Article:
Mortgage applications are up sharply as homeowners try to take advantage of low 30 year fixed rates. But tighter lending standards means that a fair number will be disappointed.
Moreover, the surge in mortgage applications is for refinances rather than new home purchases. And while refis will indirectly help the economy by increasing consumer discretionary income, the newly low mortgage rates do not yet appear to be stabilizing the housing market.
From the Financial Times:
Applications for home loans more than doubled in the two weeks after the Federal Reserve said it would buy mortgage bonds to help stabilise the market, prompting mortgage rates to fall by more than three-quarters of a percentage point.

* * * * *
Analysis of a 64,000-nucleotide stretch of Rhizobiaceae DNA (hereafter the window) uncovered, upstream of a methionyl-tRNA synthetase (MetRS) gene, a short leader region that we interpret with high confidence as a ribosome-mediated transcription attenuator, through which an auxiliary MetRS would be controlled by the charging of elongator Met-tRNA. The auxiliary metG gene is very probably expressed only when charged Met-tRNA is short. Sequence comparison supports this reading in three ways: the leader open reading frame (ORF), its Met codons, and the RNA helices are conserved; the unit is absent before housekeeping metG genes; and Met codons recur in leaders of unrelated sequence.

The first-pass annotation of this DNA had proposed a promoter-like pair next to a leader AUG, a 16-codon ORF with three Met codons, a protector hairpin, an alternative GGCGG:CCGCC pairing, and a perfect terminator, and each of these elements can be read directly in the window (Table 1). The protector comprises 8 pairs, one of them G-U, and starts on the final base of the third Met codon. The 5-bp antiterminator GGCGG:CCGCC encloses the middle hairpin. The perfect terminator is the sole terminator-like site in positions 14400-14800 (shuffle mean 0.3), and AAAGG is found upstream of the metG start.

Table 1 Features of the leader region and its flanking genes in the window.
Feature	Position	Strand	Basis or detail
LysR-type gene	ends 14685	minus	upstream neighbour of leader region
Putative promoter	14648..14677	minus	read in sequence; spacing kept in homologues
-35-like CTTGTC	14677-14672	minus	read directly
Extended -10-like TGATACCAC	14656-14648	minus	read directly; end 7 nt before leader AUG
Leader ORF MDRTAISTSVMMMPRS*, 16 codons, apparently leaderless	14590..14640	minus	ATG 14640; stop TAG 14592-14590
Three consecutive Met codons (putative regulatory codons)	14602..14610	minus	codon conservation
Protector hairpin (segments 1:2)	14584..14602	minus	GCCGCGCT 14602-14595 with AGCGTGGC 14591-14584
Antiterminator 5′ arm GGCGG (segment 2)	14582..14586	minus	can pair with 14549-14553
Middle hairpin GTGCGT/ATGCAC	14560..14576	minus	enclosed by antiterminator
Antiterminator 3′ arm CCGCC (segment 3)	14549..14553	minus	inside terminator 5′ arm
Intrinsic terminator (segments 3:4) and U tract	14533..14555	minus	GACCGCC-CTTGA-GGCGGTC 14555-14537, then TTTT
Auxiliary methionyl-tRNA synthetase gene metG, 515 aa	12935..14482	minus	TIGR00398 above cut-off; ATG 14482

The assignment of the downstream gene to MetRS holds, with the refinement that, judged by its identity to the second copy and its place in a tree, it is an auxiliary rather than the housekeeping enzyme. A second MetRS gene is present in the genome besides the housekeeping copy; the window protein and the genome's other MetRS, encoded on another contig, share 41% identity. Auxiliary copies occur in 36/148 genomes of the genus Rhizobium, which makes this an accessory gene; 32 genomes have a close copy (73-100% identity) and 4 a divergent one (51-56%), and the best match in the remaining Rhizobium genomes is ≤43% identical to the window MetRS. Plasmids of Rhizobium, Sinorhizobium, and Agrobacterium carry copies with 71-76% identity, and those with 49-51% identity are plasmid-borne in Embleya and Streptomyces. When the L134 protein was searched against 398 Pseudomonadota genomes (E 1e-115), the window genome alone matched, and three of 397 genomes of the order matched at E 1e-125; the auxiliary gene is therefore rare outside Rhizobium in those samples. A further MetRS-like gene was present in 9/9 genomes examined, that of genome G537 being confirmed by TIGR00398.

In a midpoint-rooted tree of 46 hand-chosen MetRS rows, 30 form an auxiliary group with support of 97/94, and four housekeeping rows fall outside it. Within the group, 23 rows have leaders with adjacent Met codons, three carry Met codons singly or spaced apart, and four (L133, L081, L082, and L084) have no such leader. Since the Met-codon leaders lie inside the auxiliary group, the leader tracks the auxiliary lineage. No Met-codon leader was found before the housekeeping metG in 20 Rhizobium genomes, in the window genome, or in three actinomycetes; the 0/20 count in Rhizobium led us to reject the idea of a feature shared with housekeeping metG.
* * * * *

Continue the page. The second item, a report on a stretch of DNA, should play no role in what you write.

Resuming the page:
With average rates for a 30-year, fixed-rate mortgage now at about 5.2 per cent, growing numbers of borrowers have an incentive to refinance to bring down their mortgage costs.
But tighter underwriting standards for prospective borrowers, combined with funding and staffing difficulties for mortgage originators, are likely to restrict the supply of new mortgages.
“The mortgage industry is collectively unprepared to deal with a cascade of business; staffs were pared to the bone as the market for mortgages shrank over the past year,” analysts at HSH Associates wrote in a note to clients.
Mahesh Swaminathan, mortgage analyst at Credit Suisse, said that as a result, lower rates would not necessarily create a wave of mortgage refinancing on the scale that was seen in 2003, when credit markets were healthy.